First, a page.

Wednesday, April 23, 2014

This Kid...

I have some pretty great better than other people (yes, I just said better than other people...but I believe it...yep, I do.)  They each have their strengths and each has their unique talents and over the last few months they have all shown what amazing individuals they are but I just have to write about this kid today.  Now, don't get me wrong...I have, at one time or another, written about my other children but tonight he is on my heart.  He is my baby, though by the looks of this photo, baby probably isn't the right word but I can blame it on the fact that his Mom isn't very tall so he looks really tall...right?

This kid has really been through the ringer the last few months, well, actually the last few years (check back here to read his back story) 
but he has really shown me what insight and what heart is, in a way I could have never expected from a child.  He has clarity about things that I, as an adult, can't wrap my brain around.  He has a heart that hurts for others in a way that I can only hope to have one day.  He also feels burdens that other kids (or adults for that matter) don't feel, which isn't always good.  He is struggling right now with a loss in his life that I can't fix for him but he still finds the ability to worry about me.  About me.... how did I get so blessed?  All my children worry about me, but this one...he watches and worries and I wish I could take that away.  He is too young for that kind of weight.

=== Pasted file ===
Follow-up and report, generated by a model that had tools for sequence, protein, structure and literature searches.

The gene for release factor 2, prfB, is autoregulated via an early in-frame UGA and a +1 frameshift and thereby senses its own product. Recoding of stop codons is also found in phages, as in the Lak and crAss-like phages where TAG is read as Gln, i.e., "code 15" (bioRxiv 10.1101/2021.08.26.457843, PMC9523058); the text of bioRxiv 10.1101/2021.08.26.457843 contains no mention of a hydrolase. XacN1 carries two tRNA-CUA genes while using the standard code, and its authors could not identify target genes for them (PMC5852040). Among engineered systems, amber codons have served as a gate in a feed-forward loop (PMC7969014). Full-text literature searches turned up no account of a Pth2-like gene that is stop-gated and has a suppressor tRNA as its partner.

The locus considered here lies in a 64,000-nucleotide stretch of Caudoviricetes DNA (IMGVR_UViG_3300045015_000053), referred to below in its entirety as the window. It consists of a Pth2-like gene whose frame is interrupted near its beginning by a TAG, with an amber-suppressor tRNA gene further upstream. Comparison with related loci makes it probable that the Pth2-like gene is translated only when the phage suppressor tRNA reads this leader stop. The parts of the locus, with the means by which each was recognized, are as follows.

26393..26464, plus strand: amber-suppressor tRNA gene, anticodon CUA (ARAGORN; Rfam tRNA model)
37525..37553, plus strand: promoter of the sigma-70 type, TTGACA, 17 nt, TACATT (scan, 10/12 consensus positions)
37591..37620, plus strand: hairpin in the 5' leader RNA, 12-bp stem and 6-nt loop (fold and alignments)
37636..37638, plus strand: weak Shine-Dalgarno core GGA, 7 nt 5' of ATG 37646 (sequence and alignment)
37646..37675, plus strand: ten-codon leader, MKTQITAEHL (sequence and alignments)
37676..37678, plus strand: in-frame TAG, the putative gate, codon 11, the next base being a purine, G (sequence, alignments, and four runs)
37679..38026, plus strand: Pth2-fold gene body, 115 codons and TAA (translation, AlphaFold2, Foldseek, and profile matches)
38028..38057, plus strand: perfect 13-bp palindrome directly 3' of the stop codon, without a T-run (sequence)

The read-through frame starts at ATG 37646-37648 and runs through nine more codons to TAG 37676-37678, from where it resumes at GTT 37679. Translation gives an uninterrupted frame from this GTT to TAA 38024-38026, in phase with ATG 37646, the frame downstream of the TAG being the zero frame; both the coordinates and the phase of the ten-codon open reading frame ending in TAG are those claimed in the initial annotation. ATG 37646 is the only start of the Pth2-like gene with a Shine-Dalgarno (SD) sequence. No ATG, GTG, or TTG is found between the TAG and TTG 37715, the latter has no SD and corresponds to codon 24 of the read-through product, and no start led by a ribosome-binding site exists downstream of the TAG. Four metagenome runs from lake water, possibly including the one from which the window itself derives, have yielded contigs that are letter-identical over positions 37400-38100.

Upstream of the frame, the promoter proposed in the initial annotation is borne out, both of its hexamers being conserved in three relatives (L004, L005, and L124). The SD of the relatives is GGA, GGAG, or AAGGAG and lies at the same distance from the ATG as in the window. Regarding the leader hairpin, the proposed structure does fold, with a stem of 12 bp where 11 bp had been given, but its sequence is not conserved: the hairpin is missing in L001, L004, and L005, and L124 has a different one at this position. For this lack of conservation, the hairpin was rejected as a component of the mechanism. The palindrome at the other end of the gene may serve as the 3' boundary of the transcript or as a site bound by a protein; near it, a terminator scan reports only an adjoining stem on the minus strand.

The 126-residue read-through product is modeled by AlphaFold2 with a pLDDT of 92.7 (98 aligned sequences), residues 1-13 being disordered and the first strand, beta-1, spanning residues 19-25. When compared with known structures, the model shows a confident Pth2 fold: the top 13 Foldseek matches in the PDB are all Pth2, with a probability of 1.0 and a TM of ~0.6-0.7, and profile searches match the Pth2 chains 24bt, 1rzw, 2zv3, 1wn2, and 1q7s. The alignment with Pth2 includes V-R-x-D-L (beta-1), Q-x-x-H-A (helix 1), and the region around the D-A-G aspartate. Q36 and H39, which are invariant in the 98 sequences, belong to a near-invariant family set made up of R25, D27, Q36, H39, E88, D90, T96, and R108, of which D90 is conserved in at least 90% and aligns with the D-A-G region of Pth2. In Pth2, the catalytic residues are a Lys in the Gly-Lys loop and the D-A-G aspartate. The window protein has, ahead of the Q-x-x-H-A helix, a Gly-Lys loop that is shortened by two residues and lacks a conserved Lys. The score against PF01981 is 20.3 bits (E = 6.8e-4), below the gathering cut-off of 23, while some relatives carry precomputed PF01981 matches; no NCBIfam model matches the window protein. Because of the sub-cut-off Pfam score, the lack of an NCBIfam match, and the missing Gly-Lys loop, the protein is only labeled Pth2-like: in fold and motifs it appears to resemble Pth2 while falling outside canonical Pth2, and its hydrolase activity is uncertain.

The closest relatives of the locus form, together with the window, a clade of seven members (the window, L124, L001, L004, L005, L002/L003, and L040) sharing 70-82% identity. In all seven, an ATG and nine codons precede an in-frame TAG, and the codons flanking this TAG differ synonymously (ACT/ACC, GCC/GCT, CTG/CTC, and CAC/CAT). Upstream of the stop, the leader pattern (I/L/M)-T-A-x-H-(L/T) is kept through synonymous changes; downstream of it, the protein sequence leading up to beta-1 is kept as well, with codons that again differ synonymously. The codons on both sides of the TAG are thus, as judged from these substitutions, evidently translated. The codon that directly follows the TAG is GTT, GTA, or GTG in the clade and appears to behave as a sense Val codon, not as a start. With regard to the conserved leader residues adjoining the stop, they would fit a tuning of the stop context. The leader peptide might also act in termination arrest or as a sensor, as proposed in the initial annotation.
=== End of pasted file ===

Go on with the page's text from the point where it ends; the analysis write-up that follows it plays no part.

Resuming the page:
I was sick recently and this kid gets up and fixes breakfast for he and his older brother before school, without being asked, because I couldn't.  He just did it...including vitamins.  He is just that kind of a kid.  I am grasping at straws in so many ways in trying to figure out how to parent my young men on my own but moments like this...they are like a jolt to my soul.   Someone told me today that I had to be and could be both Mother & Father....and here I am with my little man leading the way.   So, as I look ahead, I hope one day he will know exactly what an amazing young man he is.

Every good gift and every perfect gift is from above,